Columbians Ahead of Their Time
Allan Nevins
Allan Nevins "Instead of dissecting impersonal forces the historian should narrate the past in terms of living men and women seen as individuals, groups, or communities; and he should give due emphasis to personal motivation and initiative."

Allan Nevins (1890-1971)
Historian
Faculty 1928-58
LittD 1960 (hon.)

Wedding the craft of journalism to rigorous scholarship, Nevins wrote more than fifty books and scores of articles during his career, which spanned nearly three-quarters of the twentieth century. His output included the eight-volume history of the Civil War, Ordeal of the Union, written over a period of more than twenty years, and two Pultizer Prize-winning biographies, Grover Cleveland: A Study in Courage (1933) and Hamilton Fish: The Inner History of the Grant Administration (1937).

After earning bachelor's and master's degrees in English at the University of Illinois, Nevins moved to New York in 1913, writing for the New York Evening Post and New York World. His historical work led to an appointment to Columbia's history faculty in 1928 and he was named DeWitt Clinton Professor of History in 1939, succeeding his former teacher, mentor, and colleague, the historian Evarts Greene. Nevins cultivated a group of dedicated graduate students, brought in outstanding historians such as Henry Steele Commager and Dumas Malone, and convinced the historians Frederic Bancroft and James Truslow Adams to deposit their papers in the Columbia Libraries. In 1958, Nevins retired from Columbia to become senior research associate at California's Huntington Library. He used the royalties from his books to endow a Columbia chair in his name, the occupants of which have included the economic historian Stuart Bruchey and Columbia's current Provost, the historian Alan Brinkley. Another of his legacies to Columbia is the Oral History Research Office. Established in 1948, it was the first program of its kind in the nation. It now consists of almost 8,000 taped memoirs and nearly 1,000,000 pages of transcript, and is the oldest and largest organized oral history program in the world. Nevins donated his personal papers to Columbia's Rare Book and Manuscript Library, a collection that includes some 12,000 letters, many that he exchanged with prominent world figures.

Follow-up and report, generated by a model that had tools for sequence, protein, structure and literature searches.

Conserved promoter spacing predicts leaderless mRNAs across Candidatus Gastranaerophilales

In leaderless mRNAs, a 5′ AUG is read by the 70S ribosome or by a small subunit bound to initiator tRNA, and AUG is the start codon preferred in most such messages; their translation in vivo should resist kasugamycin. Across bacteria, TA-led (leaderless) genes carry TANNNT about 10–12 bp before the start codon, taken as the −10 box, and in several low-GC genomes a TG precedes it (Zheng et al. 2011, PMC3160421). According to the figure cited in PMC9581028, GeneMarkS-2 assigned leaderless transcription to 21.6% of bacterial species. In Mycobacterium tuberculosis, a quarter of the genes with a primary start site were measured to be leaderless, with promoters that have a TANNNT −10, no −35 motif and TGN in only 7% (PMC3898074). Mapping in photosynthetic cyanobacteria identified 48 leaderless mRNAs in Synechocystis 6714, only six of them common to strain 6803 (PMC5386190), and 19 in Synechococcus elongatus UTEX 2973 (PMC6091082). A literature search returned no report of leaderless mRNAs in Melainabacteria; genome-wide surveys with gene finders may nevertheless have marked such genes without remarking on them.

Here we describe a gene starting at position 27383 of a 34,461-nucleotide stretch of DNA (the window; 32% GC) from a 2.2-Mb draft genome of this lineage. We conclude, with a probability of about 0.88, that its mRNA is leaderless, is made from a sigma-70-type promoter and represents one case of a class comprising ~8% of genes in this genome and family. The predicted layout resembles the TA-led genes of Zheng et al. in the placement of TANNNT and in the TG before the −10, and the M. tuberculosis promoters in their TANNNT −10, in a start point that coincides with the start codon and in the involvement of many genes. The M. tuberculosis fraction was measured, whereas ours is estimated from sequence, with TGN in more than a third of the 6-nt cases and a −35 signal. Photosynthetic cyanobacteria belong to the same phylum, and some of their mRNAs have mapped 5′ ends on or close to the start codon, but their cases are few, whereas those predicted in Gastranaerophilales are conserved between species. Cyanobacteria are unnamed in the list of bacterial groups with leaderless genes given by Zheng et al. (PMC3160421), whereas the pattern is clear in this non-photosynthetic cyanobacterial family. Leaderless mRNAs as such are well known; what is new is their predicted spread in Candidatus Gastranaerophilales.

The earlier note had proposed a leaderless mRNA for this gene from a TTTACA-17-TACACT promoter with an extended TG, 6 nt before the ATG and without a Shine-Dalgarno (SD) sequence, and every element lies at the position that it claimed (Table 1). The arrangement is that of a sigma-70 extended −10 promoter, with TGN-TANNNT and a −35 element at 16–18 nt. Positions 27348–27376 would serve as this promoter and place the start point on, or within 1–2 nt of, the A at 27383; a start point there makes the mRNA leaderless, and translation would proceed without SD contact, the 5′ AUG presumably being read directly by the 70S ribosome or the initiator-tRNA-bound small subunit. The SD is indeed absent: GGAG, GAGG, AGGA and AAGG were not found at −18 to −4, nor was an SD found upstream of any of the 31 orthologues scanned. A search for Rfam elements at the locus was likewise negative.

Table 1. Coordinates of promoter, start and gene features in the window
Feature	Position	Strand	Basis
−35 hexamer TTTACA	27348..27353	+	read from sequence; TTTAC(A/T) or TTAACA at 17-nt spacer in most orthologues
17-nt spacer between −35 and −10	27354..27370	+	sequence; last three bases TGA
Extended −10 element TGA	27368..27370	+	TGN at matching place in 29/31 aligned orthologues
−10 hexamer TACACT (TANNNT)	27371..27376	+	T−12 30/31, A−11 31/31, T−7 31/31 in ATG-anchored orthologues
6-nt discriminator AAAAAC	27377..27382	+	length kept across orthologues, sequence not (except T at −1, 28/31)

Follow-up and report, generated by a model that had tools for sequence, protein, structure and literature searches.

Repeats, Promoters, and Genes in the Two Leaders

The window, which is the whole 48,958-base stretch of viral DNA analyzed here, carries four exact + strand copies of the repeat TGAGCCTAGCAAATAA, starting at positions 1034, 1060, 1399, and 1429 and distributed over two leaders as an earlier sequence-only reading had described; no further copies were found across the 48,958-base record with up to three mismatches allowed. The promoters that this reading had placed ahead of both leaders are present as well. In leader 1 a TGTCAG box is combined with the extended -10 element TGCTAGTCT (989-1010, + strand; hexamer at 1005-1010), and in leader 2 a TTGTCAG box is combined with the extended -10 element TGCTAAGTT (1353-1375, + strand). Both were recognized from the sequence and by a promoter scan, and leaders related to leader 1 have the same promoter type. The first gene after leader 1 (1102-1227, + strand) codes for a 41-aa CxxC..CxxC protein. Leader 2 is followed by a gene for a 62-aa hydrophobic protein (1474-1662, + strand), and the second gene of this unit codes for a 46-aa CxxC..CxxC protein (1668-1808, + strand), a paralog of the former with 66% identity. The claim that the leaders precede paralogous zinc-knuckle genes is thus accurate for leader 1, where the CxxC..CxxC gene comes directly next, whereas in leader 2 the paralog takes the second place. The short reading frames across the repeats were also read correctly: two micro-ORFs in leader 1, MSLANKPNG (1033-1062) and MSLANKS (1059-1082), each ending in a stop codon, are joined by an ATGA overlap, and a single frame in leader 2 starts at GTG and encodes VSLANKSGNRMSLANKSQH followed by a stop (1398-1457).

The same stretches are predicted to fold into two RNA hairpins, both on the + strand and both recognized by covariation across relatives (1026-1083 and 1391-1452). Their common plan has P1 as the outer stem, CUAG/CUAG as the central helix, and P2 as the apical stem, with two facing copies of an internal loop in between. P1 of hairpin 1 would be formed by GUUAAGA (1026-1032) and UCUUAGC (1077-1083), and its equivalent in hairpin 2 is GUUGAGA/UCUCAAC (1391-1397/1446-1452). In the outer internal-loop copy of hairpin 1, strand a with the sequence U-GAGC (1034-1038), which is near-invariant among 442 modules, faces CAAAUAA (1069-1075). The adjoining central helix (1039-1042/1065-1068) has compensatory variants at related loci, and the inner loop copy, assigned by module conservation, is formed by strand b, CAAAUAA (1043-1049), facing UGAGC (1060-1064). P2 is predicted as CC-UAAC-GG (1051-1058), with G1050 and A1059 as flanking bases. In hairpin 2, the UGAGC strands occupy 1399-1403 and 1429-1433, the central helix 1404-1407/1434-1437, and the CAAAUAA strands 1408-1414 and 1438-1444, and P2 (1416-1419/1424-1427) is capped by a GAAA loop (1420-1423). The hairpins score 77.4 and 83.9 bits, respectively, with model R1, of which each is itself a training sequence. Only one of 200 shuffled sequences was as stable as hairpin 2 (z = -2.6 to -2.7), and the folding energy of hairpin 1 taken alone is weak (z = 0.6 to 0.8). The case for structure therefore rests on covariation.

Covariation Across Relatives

Contributed by Gerald L. Fetner, author of Immersed in Great Affairs: Allan Nevins and the Heroic Age of American History (Albany: State University of New York Press, 2004).


Read more about Allan Nevins in the Columbia Encyclopedia.


ORAL HISTORY RESEARCH OFFICE

Founded by Nevins in 1948

NEVINS'S WRITTEN LEGACY

Nevins's personal papers are housed at Columbia's Rare Book and Manuscript Library

IMMERSED IN GREAT AFFAIRS

The first full-length biography of Nevins, written by a former Columbian

Write Columbia's History

Columbia's history, as seen by those who have studied, taught, and worked here.

From Margaret Mead and John Dewey to Mark Van Doren and Virginia Apgar, Columbians have shaped culture and science over the last
250 years.

CELEBRATED COLUMBIANS


C250 Celebrates | C250 Perspectives | C250 Forum | C250 Events | C250 To Go |
Contact C250 | Privacy Policy | About This Web Site | © Copyright 2004 Columbia University